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Microsoft pledges support in .NET language updates

Microsoft’s latest strategy for its .NET languages ​​(C#, F#, and Visual Basic) emphasizes attributes including performance and interoperability, with the company remaining in charge of governance.

The company published the latest summaries of the plans for the three languages ​​on February 6. No major changes will be found in the updated strategy, but Microsoft said it was committed to full support for all three languages ​​and to open source, backward compatibility and an aggressive strategy. Language evolution for C# and F#.

For C#, Microsoft’s object-oriented language with capabilities like type safety and generics, the strategy calls for continuing to evolve the language while remaining “next-generation.” Although Microsoft intends to continue to power the broader .NET ecosystem and increase its role in the future of C#, the company said it will retain management of design decisions. Innovation is planned for .NET libraries, development tools, and workload support. Language and performance improvements will be sought that benefit all or most developers while maintaining backwards compatibility.

With F# featuring a function-first approach, lightweight syntax, and immutability, plans call for supporting enhancements to the .NET platform and maintaining interoperability with new C# features. “We will drive the evolution of F# and support the F# ecosystem with leadership and language governance,” the company said. But Microsoft will continue to rely on the community to provide developer tools, important libraries, and support for workloads. Microsoft is committed to working across all languages, tools, and documentation to lower the barrier of entry to F# for new developers and organizations and extend the reach of F# into new domains.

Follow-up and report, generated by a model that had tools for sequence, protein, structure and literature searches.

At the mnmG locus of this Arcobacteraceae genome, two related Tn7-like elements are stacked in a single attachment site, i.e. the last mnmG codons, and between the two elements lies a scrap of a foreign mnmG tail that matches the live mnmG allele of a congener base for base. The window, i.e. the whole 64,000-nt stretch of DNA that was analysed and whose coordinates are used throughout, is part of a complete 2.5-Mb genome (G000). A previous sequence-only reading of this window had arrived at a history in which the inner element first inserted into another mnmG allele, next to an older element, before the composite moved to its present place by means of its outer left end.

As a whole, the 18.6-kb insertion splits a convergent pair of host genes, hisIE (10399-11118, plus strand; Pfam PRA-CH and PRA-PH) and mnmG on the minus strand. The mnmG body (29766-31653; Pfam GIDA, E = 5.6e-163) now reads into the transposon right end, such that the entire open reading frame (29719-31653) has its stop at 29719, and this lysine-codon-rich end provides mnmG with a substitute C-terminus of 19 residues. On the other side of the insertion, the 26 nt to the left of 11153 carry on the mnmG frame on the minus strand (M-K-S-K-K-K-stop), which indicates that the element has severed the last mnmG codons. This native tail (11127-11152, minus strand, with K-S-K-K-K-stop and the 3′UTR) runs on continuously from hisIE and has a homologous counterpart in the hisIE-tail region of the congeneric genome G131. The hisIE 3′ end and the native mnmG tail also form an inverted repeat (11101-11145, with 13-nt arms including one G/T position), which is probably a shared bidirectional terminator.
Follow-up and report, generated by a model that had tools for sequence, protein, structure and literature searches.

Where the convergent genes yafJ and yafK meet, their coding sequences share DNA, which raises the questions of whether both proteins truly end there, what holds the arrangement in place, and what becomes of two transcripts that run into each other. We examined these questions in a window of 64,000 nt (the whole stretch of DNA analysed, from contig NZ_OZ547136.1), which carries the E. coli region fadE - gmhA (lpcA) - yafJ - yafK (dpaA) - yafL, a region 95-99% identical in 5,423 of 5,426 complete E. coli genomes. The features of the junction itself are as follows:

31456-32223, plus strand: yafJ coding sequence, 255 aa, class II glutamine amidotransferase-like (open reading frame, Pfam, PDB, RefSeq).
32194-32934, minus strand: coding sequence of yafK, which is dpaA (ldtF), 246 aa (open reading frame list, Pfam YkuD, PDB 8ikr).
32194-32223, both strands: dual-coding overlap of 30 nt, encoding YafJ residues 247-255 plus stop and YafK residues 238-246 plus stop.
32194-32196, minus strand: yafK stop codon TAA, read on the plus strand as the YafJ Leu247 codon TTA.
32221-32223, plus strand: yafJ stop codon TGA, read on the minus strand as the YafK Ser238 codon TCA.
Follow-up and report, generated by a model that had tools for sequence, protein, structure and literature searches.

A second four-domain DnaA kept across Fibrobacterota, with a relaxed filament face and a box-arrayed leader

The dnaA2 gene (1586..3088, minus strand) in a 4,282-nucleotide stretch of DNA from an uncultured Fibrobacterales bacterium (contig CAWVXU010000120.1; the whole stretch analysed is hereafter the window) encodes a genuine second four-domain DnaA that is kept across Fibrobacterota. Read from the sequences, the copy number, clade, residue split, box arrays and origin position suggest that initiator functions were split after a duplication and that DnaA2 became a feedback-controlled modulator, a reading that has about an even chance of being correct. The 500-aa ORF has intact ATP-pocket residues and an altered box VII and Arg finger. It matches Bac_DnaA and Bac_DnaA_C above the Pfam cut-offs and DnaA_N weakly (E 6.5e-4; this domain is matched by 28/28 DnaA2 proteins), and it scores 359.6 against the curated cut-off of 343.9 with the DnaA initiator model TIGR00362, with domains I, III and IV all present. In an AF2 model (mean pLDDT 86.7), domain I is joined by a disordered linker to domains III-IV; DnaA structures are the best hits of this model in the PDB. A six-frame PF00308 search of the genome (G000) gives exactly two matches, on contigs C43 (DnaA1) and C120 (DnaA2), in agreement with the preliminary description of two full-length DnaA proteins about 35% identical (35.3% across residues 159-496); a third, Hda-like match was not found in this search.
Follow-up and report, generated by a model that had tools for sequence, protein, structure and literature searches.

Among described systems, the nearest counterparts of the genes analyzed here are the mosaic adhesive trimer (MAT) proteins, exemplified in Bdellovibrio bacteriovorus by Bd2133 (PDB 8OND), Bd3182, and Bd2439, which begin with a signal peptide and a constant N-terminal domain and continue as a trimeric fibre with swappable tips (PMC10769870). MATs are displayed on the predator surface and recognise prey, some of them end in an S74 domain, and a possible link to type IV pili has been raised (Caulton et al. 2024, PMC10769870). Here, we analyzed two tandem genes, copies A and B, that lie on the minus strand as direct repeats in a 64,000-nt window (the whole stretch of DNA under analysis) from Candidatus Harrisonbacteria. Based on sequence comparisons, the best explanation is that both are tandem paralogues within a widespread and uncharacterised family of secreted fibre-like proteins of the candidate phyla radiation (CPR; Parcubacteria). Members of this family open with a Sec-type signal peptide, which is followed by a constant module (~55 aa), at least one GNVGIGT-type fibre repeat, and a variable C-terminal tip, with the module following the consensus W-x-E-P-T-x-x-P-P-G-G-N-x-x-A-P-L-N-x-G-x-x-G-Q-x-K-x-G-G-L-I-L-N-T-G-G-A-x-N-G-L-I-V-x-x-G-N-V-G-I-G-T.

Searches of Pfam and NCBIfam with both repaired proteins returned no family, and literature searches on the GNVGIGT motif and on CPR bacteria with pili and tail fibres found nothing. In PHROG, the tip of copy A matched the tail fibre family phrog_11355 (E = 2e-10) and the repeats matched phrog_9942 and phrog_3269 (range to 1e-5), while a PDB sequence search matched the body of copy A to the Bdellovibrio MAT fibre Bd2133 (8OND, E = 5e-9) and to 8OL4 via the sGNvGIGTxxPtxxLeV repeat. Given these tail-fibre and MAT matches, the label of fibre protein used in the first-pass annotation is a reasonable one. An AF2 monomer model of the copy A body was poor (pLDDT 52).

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With Visual Basic (VB), a language for building type-safe .NET applications, Microsoft’s intent is to ensure that the language remains simple and accessible with a stable design. Core .NET libraries, such as the BCL (Base Class Library), will support Visual Basic, and many enhancements to the .NET runtime and libraries will automatically benefit VB.

When the C# or .NET runtime adds new features that require language support, Visual Basic will generally take a consume-only approach and avoid the new syntax. A consume-only approach means that VB code can access the .NET APIs and types created in the new .NET runtime functions, but VB won’t add syntax to define the types that those functions will use. Therefore, the new features will benefit VB users with little to no syntax changes. There are no plans to extend VB to new workloads. “We will continue to invest in the Visual Studio experience and interop with C#, especially in core VB scenarios like Windows Forms and libraries.”

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